As a teenager Tyronne Hill (better known as Kid Bookie) felt like he couldn’t listen to rock music. Despite growing up immersed in his dad’s Nirvana records and sister’s pop-punk playlists, and originally playing in a “Sugarcult ripoff” band, at school he felt like an outcast.
“School moulds you into a character you don’t want to be,” he begins, visibly charged. “I moulded my shape to fit everyone else’s narrative to be the fuckin’ south London hood rat, yet I’ve no idea why.”
But he couldn’t betray who he really was. His experience of trying to conform, and eventual rebellion against fitting in, informs the music of Kid Bookie. Sure, he loved hip-hop – especially Eminem – but was always drawn to the culture he tried to suppress, and it’s this fusing of two sounds of the underground that inspires him the most.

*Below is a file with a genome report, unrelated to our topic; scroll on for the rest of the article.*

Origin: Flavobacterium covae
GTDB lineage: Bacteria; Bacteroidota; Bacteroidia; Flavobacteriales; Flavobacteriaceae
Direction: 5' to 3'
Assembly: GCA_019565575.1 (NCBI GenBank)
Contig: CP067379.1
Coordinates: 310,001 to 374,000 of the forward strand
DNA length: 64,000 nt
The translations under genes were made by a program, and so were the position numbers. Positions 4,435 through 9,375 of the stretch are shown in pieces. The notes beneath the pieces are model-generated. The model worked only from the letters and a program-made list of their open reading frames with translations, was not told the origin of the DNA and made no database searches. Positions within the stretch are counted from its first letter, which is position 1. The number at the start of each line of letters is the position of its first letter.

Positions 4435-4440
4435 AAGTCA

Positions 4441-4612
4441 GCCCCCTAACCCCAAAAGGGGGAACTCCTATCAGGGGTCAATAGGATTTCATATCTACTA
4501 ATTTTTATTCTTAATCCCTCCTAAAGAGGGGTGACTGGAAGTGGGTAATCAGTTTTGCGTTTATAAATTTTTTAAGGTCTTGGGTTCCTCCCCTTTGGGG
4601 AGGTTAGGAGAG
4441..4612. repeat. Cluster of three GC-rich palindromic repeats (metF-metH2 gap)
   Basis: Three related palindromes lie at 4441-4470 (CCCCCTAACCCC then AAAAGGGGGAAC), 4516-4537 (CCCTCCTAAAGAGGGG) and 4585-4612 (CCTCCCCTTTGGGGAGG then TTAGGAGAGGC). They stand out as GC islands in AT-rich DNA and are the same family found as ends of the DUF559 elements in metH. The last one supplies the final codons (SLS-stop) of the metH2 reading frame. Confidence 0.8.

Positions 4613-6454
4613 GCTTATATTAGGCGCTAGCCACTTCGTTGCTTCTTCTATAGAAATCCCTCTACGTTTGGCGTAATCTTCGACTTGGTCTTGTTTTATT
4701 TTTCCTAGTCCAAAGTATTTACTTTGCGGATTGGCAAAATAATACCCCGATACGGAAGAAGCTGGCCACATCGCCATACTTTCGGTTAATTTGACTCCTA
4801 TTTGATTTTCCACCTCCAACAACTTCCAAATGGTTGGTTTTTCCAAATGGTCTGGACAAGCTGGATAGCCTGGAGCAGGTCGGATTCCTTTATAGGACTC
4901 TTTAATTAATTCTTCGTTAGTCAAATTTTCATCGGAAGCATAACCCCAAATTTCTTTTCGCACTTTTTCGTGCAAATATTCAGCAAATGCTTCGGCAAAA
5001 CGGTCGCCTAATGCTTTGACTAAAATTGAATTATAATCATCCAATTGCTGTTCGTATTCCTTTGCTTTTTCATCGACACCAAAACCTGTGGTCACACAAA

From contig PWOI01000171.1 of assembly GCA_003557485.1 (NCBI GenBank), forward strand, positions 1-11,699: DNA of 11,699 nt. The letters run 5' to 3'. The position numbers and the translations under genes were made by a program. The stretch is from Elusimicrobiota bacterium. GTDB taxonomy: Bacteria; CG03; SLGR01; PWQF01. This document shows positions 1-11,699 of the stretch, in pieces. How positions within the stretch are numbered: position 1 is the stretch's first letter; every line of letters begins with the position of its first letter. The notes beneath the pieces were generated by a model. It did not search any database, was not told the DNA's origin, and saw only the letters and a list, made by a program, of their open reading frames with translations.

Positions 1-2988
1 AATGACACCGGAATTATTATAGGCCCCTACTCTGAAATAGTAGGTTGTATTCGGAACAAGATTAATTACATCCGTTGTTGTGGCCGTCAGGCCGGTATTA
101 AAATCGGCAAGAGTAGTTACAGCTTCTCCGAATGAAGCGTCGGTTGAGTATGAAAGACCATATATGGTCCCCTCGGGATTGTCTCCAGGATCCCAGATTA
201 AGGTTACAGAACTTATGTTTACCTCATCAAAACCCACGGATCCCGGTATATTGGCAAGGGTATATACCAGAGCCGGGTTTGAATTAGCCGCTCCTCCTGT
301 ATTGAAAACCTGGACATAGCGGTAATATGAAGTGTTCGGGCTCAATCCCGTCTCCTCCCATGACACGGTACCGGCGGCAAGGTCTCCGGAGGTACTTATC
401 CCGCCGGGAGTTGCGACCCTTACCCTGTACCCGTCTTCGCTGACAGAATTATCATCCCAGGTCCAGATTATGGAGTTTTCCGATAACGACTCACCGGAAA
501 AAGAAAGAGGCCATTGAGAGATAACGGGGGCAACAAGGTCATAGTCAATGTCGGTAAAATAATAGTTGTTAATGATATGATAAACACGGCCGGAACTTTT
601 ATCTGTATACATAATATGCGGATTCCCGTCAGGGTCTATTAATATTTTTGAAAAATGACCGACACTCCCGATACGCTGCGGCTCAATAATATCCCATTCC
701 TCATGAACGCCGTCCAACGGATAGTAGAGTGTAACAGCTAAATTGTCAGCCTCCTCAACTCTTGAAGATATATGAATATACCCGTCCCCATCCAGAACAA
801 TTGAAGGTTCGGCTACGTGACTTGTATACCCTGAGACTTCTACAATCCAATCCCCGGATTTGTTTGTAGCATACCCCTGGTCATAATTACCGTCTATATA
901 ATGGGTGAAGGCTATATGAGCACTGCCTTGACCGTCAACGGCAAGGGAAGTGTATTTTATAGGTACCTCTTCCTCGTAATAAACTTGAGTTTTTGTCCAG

“I’m not trying to keep up with trends or be popular. I’m not here for the party, I’m here to make the party. It’s evolve or die,” he says emphatically. “I’m not trying to throw shit at a wall and see if it sticks, I have a canvas and I know what colour paint I like, so I’ll mix them together and see where it goes. I don’t care if you buy it because I never came to sell anything.”
And that is Bookie’s mantra. He’s not here to get rich, explaining that it’s about challenging himself and the listener, ruminating on life, death, happiness and more existential crises that keep a 30-year-old awake at night. Last year, Bookie’s boundary-expanding music earned him a MOBO nomination for Best Alternative Music Act. Surreally, Corey Taylor was the first person to congratulate him, having collaborated on each other’s records.